Ever thought you might be having some Layer 4 connectivity issues? Pings as you should know are ICMP transmissions and ICMP is a Layer 3 protocol (commonly used to send error messages). Luckily Cisco has a hidden ( as in it wont show up when using IOS help ) utility for testing TCP connectivity.
The command, ttcp is actually a very powerful tool for testing TCP connections, it requires IOS 11.2 or higher with IP Plus or Service Provider images. Here is an example of it being used to test connectivity between two locations.
SiteA#ttcp transmit or receive [receive]: buflen : bufalign : bufoffset : port : sinkmode [y]: rcvwndsize : 4096 show tcp information at end [n]: ttcp-r: buflen=8192, nbuf=2048, align=16384/0, port=5001, rcvwndsize=4096 tcp SiteA# SiteB#ttcp transmit or receive [receive]: trans Target IP address: 126.96.36.199 buflen : nbuf : 50 bufalign : bufoffset : port : sinkmode [y]: buffering on writes [y]: show tcp information at end [n]: ttcp-t: buflen=8192, nbuf=50, align=16384/0, port=5001 tcp -> 188.8.131.52 SiteB# SiteA# ttcp-r: accept from 184.108.40.206 (mss 1460, sndwnd 2144, rcvwnd 4096) ttcp-r: 409600 bytes in 61064 ms (61.064 real seconds) (~5 kB/sec) +++ ttcp-r: 301 I/O calls ttcp-r: 0 sleeps (0 ms total) (0 ms average) SiteA# SiteB# ttcp-t: connect (mss 1460, sndwnd 4096, rcvwnd 2144) ttcp-t: 409600 bytes in 60504 ms (60.504 real seconds) (~5 kB/sec) +++ ttcp-t: 50 I/O calls ttcp-t: 0 sleeps (0 ms total) (0 ms average) SiteB#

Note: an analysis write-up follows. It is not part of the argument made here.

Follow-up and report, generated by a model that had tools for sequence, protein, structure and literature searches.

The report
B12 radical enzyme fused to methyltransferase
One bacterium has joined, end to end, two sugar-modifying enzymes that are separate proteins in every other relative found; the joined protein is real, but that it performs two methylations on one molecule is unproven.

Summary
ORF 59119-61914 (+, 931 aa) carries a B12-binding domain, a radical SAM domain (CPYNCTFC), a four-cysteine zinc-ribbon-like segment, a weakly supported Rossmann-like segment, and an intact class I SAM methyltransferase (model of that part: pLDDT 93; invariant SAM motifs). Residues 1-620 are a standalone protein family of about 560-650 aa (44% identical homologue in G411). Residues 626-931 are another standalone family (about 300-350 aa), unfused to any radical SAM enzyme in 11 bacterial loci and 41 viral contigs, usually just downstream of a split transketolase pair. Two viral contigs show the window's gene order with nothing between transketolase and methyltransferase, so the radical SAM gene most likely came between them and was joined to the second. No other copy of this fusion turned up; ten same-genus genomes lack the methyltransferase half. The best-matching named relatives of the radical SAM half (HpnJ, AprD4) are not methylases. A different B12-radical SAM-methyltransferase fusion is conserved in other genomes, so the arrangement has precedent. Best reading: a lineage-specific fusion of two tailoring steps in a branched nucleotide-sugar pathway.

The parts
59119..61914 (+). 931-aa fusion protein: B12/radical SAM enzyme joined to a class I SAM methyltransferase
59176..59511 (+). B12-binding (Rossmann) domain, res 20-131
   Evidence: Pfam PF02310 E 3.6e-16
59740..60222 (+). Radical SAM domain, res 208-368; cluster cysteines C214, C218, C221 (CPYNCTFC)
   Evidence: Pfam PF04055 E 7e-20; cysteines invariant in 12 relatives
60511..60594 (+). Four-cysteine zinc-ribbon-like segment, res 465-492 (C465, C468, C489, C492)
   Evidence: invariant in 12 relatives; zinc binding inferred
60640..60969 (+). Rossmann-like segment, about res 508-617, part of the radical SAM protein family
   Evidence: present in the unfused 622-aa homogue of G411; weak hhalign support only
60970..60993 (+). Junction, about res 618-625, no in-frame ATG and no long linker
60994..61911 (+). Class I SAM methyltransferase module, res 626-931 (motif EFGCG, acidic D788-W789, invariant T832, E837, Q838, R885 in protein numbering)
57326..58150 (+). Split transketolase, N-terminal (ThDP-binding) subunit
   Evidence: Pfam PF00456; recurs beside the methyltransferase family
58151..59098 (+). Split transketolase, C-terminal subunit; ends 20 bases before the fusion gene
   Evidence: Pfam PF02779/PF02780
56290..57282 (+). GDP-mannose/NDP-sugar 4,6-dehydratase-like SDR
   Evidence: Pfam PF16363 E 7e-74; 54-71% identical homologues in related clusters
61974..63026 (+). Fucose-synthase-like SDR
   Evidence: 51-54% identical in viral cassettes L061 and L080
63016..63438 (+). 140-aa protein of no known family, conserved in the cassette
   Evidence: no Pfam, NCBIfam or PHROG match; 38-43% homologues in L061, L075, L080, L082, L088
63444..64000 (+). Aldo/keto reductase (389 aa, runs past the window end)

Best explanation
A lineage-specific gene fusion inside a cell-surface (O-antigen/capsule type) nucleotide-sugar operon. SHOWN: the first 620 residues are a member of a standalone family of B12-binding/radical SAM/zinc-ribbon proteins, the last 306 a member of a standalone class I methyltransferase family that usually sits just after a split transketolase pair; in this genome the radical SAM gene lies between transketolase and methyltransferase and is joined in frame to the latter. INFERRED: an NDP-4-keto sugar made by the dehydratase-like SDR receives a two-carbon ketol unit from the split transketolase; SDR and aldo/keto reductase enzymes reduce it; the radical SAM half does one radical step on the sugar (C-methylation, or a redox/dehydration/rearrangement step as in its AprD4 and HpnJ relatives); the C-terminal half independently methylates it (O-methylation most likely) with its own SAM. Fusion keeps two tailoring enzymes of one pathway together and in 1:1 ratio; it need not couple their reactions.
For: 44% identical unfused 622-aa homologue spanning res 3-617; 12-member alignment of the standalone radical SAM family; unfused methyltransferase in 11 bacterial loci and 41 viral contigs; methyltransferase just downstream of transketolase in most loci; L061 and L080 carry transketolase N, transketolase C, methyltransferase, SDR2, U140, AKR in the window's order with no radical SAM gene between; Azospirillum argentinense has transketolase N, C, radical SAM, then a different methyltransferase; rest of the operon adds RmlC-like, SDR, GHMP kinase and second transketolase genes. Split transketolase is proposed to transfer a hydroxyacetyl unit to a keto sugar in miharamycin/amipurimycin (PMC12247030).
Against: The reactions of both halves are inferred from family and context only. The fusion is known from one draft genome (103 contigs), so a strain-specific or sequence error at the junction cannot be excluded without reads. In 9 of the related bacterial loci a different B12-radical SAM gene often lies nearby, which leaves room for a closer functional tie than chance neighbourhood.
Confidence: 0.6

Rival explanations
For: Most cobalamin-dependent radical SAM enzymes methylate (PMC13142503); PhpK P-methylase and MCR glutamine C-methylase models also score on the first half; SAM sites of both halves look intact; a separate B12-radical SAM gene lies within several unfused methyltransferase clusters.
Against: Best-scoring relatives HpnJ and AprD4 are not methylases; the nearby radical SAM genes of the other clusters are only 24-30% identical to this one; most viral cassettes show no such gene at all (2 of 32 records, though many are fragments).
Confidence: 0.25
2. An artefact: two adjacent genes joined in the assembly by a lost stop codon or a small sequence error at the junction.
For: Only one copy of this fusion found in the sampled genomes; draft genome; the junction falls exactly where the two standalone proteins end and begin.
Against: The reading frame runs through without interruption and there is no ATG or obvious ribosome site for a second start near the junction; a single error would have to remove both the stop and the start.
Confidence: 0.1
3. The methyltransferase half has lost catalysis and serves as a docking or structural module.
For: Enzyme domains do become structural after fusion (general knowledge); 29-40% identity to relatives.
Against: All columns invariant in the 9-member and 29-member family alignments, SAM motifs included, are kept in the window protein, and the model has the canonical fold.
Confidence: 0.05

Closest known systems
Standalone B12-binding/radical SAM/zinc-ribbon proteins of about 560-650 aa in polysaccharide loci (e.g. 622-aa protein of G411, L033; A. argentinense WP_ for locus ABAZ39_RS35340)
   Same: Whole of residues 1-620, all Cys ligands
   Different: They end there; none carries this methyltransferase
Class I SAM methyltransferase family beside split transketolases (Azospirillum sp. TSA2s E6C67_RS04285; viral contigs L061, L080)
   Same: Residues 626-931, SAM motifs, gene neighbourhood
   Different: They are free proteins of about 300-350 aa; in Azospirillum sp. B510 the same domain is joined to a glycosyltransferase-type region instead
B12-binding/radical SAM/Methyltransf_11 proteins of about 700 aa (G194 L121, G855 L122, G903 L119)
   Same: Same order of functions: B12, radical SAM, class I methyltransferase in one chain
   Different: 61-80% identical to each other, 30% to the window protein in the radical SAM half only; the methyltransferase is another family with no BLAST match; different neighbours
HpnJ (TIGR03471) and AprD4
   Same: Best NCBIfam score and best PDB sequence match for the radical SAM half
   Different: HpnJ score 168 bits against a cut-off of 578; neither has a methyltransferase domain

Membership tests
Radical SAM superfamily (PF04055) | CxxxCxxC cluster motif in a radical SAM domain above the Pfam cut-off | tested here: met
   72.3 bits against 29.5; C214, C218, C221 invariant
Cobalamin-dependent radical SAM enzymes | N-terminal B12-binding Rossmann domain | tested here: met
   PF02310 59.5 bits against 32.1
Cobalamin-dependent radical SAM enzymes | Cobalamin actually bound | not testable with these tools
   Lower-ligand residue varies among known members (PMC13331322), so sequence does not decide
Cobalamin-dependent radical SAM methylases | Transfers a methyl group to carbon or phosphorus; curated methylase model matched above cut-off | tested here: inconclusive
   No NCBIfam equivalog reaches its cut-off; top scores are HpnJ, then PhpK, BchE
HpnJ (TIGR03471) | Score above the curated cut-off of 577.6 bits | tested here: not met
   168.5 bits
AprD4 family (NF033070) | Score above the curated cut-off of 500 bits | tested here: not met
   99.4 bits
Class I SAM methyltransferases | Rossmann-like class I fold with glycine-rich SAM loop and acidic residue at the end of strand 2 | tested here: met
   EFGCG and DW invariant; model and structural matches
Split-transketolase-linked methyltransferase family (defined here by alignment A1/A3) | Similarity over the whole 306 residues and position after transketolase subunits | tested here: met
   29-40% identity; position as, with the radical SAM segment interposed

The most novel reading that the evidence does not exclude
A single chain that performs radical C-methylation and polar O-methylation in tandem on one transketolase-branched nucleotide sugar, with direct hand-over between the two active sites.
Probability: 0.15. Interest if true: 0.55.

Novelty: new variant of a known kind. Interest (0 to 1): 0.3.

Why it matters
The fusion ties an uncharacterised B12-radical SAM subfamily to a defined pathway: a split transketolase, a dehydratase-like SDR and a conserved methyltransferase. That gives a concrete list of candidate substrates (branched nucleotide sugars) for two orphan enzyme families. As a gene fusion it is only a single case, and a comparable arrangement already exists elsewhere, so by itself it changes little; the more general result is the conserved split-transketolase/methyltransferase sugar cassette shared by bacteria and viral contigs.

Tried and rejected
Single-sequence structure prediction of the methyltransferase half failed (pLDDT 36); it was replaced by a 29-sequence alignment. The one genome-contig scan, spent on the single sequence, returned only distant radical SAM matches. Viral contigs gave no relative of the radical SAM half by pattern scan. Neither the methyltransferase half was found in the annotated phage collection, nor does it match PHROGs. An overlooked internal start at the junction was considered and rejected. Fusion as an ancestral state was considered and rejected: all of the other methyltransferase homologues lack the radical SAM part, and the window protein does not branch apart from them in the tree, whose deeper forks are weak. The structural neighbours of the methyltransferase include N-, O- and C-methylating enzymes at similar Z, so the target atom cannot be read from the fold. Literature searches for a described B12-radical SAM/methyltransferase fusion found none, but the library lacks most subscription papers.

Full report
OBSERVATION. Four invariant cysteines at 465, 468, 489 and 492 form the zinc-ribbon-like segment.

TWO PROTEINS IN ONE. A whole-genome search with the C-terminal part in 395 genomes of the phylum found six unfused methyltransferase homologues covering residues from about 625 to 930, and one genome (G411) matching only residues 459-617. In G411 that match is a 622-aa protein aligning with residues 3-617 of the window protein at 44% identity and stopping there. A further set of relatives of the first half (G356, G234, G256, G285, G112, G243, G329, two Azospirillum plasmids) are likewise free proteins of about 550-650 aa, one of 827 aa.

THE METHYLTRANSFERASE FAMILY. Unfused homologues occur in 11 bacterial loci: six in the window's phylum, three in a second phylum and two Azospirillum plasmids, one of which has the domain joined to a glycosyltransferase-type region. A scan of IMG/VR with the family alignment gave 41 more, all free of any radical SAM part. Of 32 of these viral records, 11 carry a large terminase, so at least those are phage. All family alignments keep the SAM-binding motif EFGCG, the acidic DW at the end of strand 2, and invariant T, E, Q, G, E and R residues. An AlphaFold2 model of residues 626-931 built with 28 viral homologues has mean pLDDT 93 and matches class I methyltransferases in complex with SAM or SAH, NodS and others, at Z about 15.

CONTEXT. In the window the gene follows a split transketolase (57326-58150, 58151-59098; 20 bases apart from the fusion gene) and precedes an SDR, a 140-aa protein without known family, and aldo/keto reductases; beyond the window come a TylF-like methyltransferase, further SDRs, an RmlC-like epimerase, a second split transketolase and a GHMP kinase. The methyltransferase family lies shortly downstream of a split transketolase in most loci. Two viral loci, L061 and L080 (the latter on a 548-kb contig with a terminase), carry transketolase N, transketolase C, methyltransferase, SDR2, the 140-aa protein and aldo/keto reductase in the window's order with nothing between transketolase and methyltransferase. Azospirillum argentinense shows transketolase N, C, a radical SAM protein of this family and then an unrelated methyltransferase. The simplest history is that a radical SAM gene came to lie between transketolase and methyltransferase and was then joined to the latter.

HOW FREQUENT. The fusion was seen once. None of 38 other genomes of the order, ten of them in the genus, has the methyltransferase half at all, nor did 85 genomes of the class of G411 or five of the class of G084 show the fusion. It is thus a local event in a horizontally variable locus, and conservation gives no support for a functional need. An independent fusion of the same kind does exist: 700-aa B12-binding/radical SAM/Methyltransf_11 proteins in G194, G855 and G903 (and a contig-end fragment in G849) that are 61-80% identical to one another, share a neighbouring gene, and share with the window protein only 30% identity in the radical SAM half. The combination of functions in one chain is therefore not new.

The downside of ttcp is that it really makes me miss tcpspray for Linux / on ImageStream routers. As you see in this example ttcp requires that you start the receiver process on the remote end, while tcpspray just uses the echo and discard inetd services. I’ll cover some details about tcpspray in a future post.
Obviously another advantage of this utility is speed testing. Obviously, this is not a reliable means to test high bandwidth links as the router needs enough CPU to generate the packets. If your bandwidth tests are not pegging the router and you’re still not happy with the results, latency could be the issue. Check our my previous post on the relationship between latency and throughput.
Network engineer turned management currently servicing the enterprise data center market. I started working on networks in the ’90s and still feel like that was just a few years ago. Jack of all trades, master of none; I love to learn about everything. Feel free to ask me about photography, woodworking, nhra, watches, or even networking! — For feedback, please leave a comment on the article in question, and I’ll respond as soon as I can. For everything else including fan mail or death threats, contact me via twitter.